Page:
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Broker Market Share—Now and Onward

In Canada, mortgage broker market share began at less than 1% in the 1980s, grew to 14% in the 90s, and peaked at 35% in 2006.

It has now slid to 22%, according to Yousry Bissada.

Yousry-BissadaYousry, who presented at last week’s Axiom Leadership Summit, is one of the most accomplished executives in the mortgage business. He’s held senior positions at Filogix, FirstLine, Paradigm Quest, Canadiana, and TD Canada Trust. His presentation was a fascinating overview of our industry.

Below, we’ve compiled a few of Yousry’s main points about the competition between mortgage brokers and bank mortgage specialists…

  • Branches were “dominant” players in the early 80s. Today they’re down to 40-50% of mortgage originations. Branch share shrank because they couldn’t provide the “convenience, service or expertise” of brokers and mortgage specialists, said Yousry.


  • Mortgage specialists have multiplied spectacularly, having grown from “zero to 35%” market share in just a 15-year period.
  • Broker share, by contrast, has fallen—for different reasons:
    1. Several broker-centric lenders disappeared after their securitization sources (especially ABCP) dried up during the credit crisis.
    2. Broker lenders who currently rely heavily on securitization (i.e., Canada Mortgage Bonds) have been limited by CMHC in how much they can access the CMB market.
    3. Banks started seeing a flood of deposits in 2009 as people wanted a safe place to park cash. Banks chose to lend that cash more aggressively through their internal sales forces, which they heavily invested in. Banks “didn’t need the CMB as much as the little lenders,” said Yousry, and the deposit surge meant they “were able to do a lot more aggressive pricing.”
  • There’s a market share battle being waged between brokers and banks’ sales forces. At the moment, bank mortgage specialists are winning handily, partly because of the reasons above.
  • Banks are cultivating their own internal sales forces because the margins are higher than through brokers:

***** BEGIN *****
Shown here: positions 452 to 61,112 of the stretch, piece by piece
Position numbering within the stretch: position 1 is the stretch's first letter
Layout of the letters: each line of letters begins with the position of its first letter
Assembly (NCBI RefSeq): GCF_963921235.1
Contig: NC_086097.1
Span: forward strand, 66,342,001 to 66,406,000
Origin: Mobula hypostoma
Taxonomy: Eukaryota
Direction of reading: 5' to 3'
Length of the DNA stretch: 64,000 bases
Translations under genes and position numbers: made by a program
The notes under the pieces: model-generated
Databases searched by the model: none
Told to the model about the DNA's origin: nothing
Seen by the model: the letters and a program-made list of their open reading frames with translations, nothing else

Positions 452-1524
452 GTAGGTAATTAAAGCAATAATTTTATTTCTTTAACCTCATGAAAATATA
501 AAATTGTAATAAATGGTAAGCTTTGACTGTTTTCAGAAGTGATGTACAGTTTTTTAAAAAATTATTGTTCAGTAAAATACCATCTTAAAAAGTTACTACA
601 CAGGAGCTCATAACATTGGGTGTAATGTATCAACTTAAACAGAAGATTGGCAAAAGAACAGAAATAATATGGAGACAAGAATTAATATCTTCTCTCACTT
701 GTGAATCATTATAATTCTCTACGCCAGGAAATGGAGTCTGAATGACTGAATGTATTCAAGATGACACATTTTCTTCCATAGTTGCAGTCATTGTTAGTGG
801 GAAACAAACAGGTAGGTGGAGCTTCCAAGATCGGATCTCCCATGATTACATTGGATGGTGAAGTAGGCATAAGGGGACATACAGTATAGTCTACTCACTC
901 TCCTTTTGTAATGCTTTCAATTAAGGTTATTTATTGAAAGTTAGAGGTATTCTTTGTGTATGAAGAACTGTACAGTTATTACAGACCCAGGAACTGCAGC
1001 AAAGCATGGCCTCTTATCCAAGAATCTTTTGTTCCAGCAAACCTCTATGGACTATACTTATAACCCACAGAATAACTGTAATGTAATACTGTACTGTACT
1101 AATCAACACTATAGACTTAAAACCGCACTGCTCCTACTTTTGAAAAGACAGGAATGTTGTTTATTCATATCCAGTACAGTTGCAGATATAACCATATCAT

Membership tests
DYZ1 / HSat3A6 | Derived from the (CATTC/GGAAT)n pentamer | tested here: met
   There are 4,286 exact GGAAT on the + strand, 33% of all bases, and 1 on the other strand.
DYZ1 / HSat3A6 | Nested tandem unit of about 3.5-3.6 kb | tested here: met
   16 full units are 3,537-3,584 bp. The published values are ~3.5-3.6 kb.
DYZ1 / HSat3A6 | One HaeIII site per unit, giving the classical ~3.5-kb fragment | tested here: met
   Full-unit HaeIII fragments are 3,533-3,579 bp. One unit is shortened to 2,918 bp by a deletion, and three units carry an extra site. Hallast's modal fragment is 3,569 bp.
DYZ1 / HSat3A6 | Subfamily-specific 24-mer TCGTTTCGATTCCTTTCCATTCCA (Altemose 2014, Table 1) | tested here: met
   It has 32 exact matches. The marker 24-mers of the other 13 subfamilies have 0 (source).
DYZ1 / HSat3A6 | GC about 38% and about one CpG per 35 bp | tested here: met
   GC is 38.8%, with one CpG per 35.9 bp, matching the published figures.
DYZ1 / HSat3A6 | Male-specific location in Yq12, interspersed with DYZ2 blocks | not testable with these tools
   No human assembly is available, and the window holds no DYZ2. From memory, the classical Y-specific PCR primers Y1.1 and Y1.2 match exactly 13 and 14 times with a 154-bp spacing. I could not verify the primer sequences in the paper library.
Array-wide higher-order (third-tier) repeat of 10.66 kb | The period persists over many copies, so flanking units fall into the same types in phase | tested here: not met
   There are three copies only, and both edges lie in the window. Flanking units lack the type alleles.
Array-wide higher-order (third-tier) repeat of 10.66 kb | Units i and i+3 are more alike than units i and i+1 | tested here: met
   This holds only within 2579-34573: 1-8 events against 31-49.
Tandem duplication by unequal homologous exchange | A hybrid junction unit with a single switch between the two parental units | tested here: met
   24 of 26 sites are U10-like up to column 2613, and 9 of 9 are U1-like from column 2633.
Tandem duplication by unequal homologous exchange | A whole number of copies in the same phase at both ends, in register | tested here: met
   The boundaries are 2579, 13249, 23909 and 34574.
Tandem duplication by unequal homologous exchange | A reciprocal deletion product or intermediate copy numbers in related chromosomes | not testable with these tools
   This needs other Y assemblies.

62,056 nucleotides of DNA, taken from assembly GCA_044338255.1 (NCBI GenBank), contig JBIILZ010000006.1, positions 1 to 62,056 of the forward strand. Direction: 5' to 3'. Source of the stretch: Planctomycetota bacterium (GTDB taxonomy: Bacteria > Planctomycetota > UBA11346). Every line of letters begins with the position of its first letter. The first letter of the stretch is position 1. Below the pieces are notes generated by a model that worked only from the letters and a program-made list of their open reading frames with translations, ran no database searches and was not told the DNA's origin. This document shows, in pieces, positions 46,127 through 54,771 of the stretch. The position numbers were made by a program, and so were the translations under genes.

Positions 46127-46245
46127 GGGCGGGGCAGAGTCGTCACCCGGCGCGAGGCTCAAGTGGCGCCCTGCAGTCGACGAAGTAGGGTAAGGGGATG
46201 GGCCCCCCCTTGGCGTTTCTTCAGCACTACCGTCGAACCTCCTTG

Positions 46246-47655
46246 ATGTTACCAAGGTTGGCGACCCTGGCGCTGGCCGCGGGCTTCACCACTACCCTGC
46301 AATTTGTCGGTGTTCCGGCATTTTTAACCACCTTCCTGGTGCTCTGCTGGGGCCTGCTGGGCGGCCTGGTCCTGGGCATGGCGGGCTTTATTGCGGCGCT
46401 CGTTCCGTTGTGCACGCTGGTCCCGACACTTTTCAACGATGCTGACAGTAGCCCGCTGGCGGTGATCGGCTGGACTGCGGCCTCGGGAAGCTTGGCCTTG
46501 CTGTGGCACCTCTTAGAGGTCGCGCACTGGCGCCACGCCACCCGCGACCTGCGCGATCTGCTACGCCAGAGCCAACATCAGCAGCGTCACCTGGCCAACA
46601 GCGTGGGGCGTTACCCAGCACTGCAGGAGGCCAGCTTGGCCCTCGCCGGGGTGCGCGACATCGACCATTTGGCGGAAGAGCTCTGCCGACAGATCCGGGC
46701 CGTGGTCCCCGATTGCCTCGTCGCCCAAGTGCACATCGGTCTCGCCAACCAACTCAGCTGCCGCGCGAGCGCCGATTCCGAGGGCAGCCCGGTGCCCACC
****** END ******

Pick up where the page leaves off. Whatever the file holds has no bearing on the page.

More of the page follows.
• Cross-selling is easier – On average, bank branches cross-sell 3.4 additional products to their mortgage clients (e.g., mortgage life insurance, credit cards, RRSPs, chequing accounts, etc.). By comparison, banks are able to cross-sell broker-originated clients less than two additional products.
    • Renewal rates are better – The Big 5 renew about 90% of mortgages they originate internally, but only 80% of mortgages that brokers originate.
    • Compensation – This wasn’t in Yousry’s presentation but it’s a key point we’ll add. Lenders usually (but not necessarily always) pay brokers more per file than a mortgage specialist.

The positive news for brokers is that, despite the challenges, they’ve maintained their ability to recommend lenders independently (i.e.  they’re not forced to sell only one brand of mortgage like bank staff).

Moreover, “There’s a lot of people working on [how to bring back] disciplined securitization,” said Yousry. “I think new healthier asset-backed [securities] are going to come in.”

That could motivate the creation and expansion of broker-driven lenders and have a noticeably uplifting effect on broker share.

Credits:  Apart from our comments, the above information all came from Yousry Bissada’s presentation, axiom_mortgagewhich was sponsored by Street Capital and hosted by Axiom Mortgage. We’d like to thank Mike Cameron, President/CEO of Axiom, for graciously taping and making this presentation available to us.

Rob McLister, CMT